The problem is that the method relies on the existence of a UV-only light source. The UV-LEDs that are available today have a varying spectral power distribution and also emit visible light. Thus not only fluorescence but also reflectance (caused by the visible light emitted by the UV-LED) are measured and introduce errors into the underlying model. Real-life instruments using this method would suffer from a varying measurement error.
Konica Minolta Virtual Fluorescence Standard
The second method works in a similar way but does not rely on the existence of a pure UV light source. When using the Konica Minolta Virtual Fluorescence Standard the UV element of a sample is activated by two light sources with vastly different UV energy consecutively (within milliseconds and not visible to the user). Should the sample show fluorescence, the resulting radiance factors (the “measurement result”) will differ. By this method it is easy to distinguish fluorescence from reflectance. By incorporating the UV-content of the final viewing environment it is possible to calculate the correct total radiance factor.
The clear advantage of this method is that it does not rely on impractical or non existent (UV-only) light sources. The Konica Minolta FD series measure and stabilize the light sources used within them and having a stable base for the calculation ensures stable and repeatable measurements even if the physical light sources between different instruments differ.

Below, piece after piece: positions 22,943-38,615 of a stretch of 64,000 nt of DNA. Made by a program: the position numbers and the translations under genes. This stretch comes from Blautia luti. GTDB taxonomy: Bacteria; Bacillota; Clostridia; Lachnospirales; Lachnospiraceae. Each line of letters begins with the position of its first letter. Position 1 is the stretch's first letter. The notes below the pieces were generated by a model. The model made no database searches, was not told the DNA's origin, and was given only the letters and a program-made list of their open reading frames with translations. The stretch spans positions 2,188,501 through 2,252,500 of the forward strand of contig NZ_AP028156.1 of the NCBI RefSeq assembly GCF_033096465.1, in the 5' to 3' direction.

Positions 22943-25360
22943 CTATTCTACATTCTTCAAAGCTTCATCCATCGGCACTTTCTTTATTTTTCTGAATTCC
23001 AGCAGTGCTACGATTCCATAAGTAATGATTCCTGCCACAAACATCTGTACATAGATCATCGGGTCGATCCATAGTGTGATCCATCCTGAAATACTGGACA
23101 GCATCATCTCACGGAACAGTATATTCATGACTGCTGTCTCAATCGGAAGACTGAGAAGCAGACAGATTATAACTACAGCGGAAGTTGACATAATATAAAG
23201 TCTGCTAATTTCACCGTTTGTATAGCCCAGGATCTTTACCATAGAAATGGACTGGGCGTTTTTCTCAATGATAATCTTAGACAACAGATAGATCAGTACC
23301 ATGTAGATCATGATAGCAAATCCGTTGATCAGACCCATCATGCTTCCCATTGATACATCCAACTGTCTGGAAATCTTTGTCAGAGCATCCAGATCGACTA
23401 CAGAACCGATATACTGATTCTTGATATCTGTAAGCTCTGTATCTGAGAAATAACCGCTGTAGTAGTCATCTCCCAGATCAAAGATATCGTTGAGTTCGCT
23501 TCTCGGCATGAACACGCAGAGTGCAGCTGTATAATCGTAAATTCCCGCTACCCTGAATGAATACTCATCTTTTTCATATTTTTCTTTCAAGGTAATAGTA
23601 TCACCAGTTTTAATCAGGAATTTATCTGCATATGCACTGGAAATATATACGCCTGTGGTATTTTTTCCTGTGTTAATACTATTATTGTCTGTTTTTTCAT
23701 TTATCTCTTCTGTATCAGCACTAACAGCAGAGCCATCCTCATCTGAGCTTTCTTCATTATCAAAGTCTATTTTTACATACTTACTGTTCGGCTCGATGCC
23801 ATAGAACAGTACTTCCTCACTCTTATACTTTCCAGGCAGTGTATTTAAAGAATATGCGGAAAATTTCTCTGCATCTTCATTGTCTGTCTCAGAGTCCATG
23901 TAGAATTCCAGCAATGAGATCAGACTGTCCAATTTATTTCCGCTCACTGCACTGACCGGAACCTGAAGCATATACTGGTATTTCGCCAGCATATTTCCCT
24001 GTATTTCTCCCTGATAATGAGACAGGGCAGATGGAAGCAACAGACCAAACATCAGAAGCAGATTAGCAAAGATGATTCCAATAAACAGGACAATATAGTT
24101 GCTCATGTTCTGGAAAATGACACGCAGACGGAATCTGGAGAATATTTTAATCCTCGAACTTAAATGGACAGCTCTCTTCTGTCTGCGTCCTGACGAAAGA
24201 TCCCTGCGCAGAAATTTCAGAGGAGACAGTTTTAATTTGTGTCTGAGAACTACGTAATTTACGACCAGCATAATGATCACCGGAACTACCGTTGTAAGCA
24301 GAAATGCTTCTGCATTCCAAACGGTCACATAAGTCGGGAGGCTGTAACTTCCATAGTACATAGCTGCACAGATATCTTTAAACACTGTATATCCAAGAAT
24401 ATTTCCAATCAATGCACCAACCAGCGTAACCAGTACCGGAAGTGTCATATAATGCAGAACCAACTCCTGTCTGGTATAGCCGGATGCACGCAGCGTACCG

Another advantage of the Konica Minolta FD series relates to the viewing environments that are used. Even if standardized light sources are used, commercially available viewing cabinets are in tolerance of ISO 3664:2009 but do not emit perfect D50. Using the Konica Minolta VFS it is easy to quantify spectral characteristics and use the viewing cabinet as a measurement light source. By using the FD-7 users can objectively determine colour values that perfectly correlate with the visual impression. The User-Illuminant function eliminates the problem of variations in approximated D50 generated by viewing cabinets. This is of course not limited to D50 simulators but is also beneficial to get colour matches for light conditions ‘on site’ or at trade-fairs.
Both methods follow the assumption that the excitation wavelength and emission wavelength of the optical brighteners used in papers do not vary. This assumption is valid but only Konica Minolta has built commercially available measurement equipment to determine the exact characteristics of this class of brighteners (CM 3800d).
As the UV calibration of the FDs is not fixed to D50 (for example D65 can also be used) the values measured with an FD correlate very well with instruments used in the paper industry, although the instrument geometry is different.
The Konica Minolta Virtual Fluorescence Standard has serious advantages over other methods described in this paper and implemented in practice. In short these are: